A few small triple-A CMBS bid lists came out late last week, but overall the quiet week was capped off by an innovative touch in the Deutsche Bank floating-rate deal that added a new layer to the concept of the A/B structure.
"The A-B-C' structured deal by Deutsche Bank proves that creativity continues in the commercial mortgage market," said John Bonfiglio, head of CMBS research at Fitch Inc.
The floating-rate deal was first cut into A/B loans, split into two pieces, and then split into three pieces.
More than anything else, this points to the fact that there is still inventiveness in this maturing market despite the fact that origination is at a low and consolidation continues.
"With rates being up relative to where they were and a lack of natural refinancings, I think it is just the cyclical business that is causing volume to stay down," Bonfiglio added. "Relatively few loans were born ten years ago."
In addition to the fact that the amount of product coming due for refinancing is at a low, more floating that fixed-rate deals are coming into the pipeline, and overall origination is down. Moreover, in the equity markets, real estate investment trusts and other properties are not trading quite as much, so the result is that less financing is needed overall.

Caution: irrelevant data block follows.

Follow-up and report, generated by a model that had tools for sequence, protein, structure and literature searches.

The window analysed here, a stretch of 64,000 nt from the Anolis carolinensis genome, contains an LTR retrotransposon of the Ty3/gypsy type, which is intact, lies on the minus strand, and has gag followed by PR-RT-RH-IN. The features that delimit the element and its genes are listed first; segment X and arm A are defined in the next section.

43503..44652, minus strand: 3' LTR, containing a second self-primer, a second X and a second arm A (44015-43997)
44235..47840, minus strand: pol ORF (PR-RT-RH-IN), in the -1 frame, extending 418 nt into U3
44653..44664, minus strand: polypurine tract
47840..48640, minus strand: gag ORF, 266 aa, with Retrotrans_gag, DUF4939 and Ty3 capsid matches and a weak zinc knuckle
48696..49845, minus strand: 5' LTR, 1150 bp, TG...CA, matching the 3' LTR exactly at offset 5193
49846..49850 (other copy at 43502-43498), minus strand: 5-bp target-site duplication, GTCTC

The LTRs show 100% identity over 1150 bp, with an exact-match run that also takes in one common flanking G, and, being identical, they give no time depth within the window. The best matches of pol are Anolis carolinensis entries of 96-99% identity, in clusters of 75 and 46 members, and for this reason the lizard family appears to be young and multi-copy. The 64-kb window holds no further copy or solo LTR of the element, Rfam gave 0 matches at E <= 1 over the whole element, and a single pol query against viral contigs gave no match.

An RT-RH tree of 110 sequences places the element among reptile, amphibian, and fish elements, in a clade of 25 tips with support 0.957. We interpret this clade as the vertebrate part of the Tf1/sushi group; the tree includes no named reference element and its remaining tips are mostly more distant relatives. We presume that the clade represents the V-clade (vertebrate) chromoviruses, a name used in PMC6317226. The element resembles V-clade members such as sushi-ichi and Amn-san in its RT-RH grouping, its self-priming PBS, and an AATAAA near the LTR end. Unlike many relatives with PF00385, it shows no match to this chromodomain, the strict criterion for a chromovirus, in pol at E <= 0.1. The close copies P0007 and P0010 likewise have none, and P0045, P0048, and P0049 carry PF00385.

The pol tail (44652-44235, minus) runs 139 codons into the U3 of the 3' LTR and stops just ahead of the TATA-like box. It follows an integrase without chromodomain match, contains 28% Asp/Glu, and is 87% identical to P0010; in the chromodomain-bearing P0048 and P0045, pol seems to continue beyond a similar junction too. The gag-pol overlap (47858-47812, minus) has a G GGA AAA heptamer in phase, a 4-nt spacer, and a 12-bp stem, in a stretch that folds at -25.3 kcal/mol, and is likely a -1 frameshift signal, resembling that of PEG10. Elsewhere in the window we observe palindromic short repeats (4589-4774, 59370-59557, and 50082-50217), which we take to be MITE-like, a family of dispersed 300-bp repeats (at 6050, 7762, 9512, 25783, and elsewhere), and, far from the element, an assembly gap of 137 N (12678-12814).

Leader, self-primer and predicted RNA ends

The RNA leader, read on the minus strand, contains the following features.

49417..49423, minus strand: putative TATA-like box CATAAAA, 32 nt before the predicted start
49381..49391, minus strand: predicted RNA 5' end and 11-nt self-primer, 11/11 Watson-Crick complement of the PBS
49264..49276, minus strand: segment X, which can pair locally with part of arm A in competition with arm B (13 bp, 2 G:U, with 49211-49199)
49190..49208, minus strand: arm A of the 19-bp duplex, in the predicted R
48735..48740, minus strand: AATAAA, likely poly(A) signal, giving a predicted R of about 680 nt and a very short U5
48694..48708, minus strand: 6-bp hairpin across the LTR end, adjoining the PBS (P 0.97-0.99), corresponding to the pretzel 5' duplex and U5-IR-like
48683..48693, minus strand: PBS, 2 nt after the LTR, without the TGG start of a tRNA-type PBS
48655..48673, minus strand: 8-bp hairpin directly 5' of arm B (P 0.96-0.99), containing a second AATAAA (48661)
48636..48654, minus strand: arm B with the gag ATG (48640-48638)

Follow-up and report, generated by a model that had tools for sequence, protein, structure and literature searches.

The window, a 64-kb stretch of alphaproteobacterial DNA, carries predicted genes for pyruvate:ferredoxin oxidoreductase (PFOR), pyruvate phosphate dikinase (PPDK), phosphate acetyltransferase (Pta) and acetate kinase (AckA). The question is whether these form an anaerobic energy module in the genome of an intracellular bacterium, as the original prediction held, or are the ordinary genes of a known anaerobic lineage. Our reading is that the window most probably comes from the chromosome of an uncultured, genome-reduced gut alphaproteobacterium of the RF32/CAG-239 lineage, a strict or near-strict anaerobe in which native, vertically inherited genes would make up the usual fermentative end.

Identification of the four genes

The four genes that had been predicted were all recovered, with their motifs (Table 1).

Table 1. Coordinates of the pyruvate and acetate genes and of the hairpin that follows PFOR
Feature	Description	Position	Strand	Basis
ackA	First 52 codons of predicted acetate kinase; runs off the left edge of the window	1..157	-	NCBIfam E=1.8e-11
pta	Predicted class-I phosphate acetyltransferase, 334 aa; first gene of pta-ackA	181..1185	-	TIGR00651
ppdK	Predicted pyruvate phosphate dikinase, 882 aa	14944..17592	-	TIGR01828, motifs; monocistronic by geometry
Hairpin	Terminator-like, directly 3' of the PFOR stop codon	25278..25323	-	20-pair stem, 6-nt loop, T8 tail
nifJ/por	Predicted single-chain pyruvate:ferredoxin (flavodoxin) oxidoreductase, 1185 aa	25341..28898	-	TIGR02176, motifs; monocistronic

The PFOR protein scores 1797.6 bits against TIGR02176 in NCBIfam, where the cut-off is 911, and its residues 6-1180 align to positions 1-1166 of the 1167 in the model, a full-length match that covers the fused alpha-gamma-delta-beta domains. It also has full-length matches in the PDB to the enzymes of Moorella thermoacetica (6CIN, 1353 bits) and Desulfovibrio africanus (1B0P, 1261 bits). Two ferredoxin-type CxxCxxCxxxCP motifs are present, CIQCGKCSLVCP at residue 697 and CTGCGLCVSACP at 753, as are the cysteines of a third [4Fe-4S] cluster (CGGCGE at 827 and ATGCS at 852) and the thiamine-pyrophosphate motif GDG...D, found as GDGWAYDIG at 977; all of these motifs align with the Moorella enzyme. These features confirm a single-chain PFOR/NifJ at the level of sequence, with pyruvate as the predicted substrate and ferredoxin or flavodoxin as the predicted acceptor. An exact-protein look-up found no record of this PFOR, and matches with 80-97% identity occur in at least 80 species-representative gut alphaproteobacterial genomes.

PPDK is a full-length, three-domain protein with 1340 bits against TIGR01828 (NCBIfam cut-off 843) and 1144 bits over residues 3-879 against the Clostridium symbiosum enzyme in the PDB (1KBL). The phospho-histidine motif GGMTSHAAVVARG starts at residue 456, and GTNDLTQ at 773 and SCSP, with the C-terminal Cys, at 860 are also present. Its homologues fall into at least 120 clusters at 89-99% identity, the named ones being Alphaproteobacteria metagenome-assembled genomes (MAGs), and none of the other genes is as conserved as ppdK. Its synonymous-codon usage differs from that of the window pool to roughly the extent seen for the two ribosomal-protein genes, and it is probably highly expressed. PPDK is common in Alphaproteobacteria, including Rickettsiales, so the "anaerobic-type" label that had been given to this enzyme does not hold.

"A lot of the floating-rate stuff is shorter," said the head of a CMBS desk. "So that is actually setting up more pipeline for the next couple of years."
Over the next two months, Fitch predicts another $8 billion will make its way into the market, followed by another $18 billion domestically for the next four months.
"But still, a handful of players dominate," said another source. "The fixed cost of operating the business is such that if you're not doing a few billion a year you have to question the risk/reward profile. As in any other business, CMBS is going to consolidate."